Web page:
The little girl beamed.  The parents and teens clapped.  And I could have hugged her.  It was a memorable display of kindness.

Ruth lived out The One Phrase.  The One Phrase that many Christians never comprehend.

In Paul’s letter to the Philippians he pens that One Phrase  that, if activated, could change lives the very moment it is put into use:

 “…in humility, value others above yourselves…”

It’s a phrase of Christ-given wisdom that takes a moment to understand but a lifetime to master.

Jesus showed it, even unto His death.  He taught it.  He lived it.  Why can’t we live it as well?  When we do activate the reality of that One Phrase, it gives a deep and lasting impact.

I was invited to the Stevens family’s home for dinner.  I taught three out of the four children in the Steven family.  Peter was the oldest, a thin, intelligent and quiet boy who had just turned thirteen, Michael was eleven, and prodigy Nancy was eight.  Little Linda was the one child I did not teach, although she went to our school.  Linda was a loving and boisterous first grader who had Down’s Syndrome.

The dinner was grand, and not just for the food alone.  The gracious and genteel Stevens parents had instilled a wonderful gift of conversation in the children, a gift of both listening and speaking.  Through the pot roast, carrots, and salad, each child had his or her turn in telling a story.  It wasn’t designated; the conversation flowed naturally and intelligently.  Peter told of a fishing day with his dad.  Michael talked about an all-day bike hike with his Scout troop.  Nancy talked about her field trip to the zoo.  I was especially impressed with the  interesting details and flowing narrative each child gave; these were really good stories.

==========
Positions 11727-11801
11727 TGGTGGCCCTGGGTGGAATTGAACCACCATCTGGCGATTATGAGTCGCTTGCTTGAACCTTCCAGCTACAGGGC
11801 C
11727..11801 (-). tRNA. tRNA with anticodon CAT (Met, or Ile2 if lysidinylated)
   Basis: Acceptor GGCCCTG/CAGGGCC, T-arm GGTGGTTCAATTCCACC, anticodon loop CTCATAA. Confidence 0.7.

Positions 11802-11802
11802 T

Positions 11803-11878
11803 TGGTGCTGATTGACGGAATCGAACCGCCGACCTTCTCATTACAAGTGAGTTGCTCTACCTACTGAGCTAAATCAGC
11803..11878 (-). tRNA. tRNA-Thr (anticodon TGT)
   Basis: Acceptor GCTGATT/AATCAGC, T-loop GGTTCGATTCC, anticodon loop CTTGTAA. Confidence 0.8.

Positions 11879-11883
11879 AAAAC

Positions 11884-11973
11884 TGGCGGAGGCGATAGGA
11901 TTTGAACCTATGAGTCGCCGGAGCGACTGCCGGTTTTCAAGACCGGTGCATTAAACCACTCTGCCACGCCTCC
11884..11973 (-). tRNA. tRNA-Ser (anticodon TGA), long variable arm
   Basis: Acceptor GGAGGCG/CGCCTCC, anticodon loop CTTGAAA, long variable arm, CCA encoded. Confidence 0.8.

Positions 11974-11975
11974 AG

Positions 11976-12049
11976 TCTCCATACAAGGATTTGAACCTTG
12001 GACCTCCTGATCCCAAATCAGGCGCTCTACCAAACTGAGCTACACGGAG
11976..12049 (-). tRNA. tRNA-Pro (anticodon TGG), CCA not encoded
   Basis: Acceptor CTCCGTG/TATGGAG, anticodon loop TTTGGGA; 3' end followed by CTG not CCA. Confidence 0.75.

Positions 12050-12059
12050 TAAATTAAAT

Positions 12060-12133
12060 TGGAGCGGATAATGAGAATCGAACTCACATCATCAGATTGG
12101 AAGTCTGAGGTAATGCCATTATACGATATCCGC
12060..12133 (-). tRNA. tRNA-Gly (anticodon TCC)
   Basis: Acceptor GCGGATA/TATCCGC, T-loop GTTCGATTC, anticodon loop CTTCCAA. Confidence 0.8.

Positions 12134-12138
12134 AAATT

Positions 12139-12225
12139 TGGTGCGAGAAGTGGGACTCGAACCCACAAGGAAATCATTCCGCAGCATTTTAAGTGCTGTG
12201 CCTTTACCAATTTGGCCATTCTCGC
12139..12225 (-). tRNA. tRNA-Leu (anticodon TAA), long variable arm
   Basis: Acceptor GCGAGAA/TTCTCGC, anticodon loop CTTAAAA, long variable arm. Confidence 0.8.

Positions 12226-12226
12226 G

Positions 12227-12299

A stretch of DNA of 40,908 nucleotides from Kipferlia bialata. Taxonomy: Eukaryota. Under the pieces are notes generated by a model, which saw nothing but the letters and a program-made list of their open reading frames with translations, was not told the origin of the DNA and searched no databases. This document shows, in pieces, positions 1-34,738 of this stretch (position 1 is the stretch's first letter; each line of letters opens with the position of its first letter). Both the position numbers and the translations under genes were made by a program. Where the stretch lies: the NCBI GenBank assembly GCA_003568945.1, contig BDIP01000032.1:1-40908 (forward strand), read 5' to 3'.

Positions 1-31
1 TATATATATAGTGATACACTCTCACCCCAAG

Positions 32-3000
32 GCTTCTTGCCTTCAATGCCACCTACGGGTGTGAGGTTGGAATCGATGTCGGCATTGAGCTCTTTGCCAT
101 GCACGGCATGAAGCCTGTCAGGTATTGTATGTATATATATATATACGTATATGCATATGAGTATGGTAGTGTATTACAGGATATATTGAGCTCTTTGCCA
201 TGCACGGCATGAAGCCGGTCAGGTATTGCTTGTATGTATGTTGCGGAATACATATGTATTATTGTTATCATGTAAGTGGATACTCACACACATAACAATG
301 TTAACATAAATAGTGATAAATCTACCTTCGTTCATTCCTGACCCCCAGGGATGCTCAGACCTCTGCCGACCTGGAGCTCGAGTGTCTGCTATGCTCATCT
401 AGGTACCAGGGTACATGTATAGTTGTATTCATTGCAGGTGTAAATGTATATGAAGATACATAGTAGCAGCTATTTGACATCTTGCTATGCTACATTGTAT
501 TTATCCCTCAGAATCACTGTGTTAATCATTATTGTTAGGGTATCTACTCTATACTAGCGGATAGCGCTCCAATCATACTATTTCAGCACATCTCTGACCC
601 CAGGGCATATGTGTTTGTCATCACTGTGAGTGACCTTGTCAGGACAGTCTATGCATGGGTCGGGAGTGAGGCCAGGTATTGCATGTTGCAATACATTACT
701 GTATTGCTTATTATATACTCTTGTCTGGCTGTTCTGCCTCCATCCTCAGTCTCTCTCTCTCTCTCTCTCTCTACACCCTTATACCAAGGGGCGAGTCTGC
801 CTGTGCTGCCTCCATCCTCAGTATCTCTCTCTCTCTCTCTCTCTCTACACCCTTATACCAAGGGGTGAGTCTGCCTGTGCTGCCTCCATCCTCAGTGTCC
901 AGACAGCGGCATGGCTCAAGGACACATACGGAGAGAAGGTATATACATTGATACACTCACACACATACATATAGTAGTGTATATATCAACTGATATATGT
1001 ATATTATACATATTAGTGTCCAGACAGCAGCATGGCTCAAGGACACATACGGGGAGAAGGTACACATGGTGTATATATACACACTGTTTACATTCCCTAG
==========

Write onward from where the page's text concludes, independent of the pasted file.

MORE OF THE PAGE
And little Linda noticed it as well.  I noticed she was getting agitated for two reasons.  First, she felt it was her turn to speak.  Second, she realized that none of her stories would quite match up to these tales.  Well, then, Linda reasoned, she would invent one.  I glanced and could see her mind churning.

“Dr. Zockoll, would you like some coffee?” asked Mrs. Stevens, rising quietly from the table. I started to reply but Linda burst out suddenly.

“My story time!  Listen to this.  Last year I was sleeping in bed in my room, I was sleeping in bed.  I was in the dark and I was sleeping and my head was on my pillow and Peter was walking down the hall and you know what he did?  He came over to me and you know, he just threw up all over me. He just threw up on me bleagh just like that and he made a burp and then he walked away.”

The whole room was still.  “Awkward” is the closest word I can use to describe the feeling for the next twenty seconds.  I could tell that bringing up the subject of vomit at the dinner table was out of the question.  I wasn’t sure how to respond.  Little Lisa bobbed her head and grinned – she had told her story.  But how would the parents deal with this?

Peter took the initiative.

“Wellllll,” Peter said slowly, “I’ll have to be sure not to do that any more.”

We all burst out laughing.  The tension broke.  Mr. and Mrs. Stevens smiled and relaxed.  The faux pas was soon forgotten by the family as the conversations became lively again (of course, little Linda was included now) and the desserts were passed around.  I, however, remembered this situation not because of Linda’s fib nor because of the subject of nausea.

I recall this because thirteen-year old Peter put away his pride and showed his heart for little Linda.  He accepted the embarrassing accusation and rolled with it so that his sister could be included in the conversation as well as avoid a reprimand in front of an invited guest.  It was an admirable thing to do.  Peter showed me a gentle kindness in preferring someone else over himself.

And such is the way of my learning experiences through my teaching career.  God guides me to people who instruct me by example.  From a country church to an urban dinner setting, I learned lessons in humility that will stay with me for a lifetime.

I work on this each day, fail as I might. I stumble, but I want to succeed, and by the grace of God, I can do this.   Can we all do this?  I wonder how many of us actively seek ways to show kindness?

Can we all grasp the importance of that One Phrase?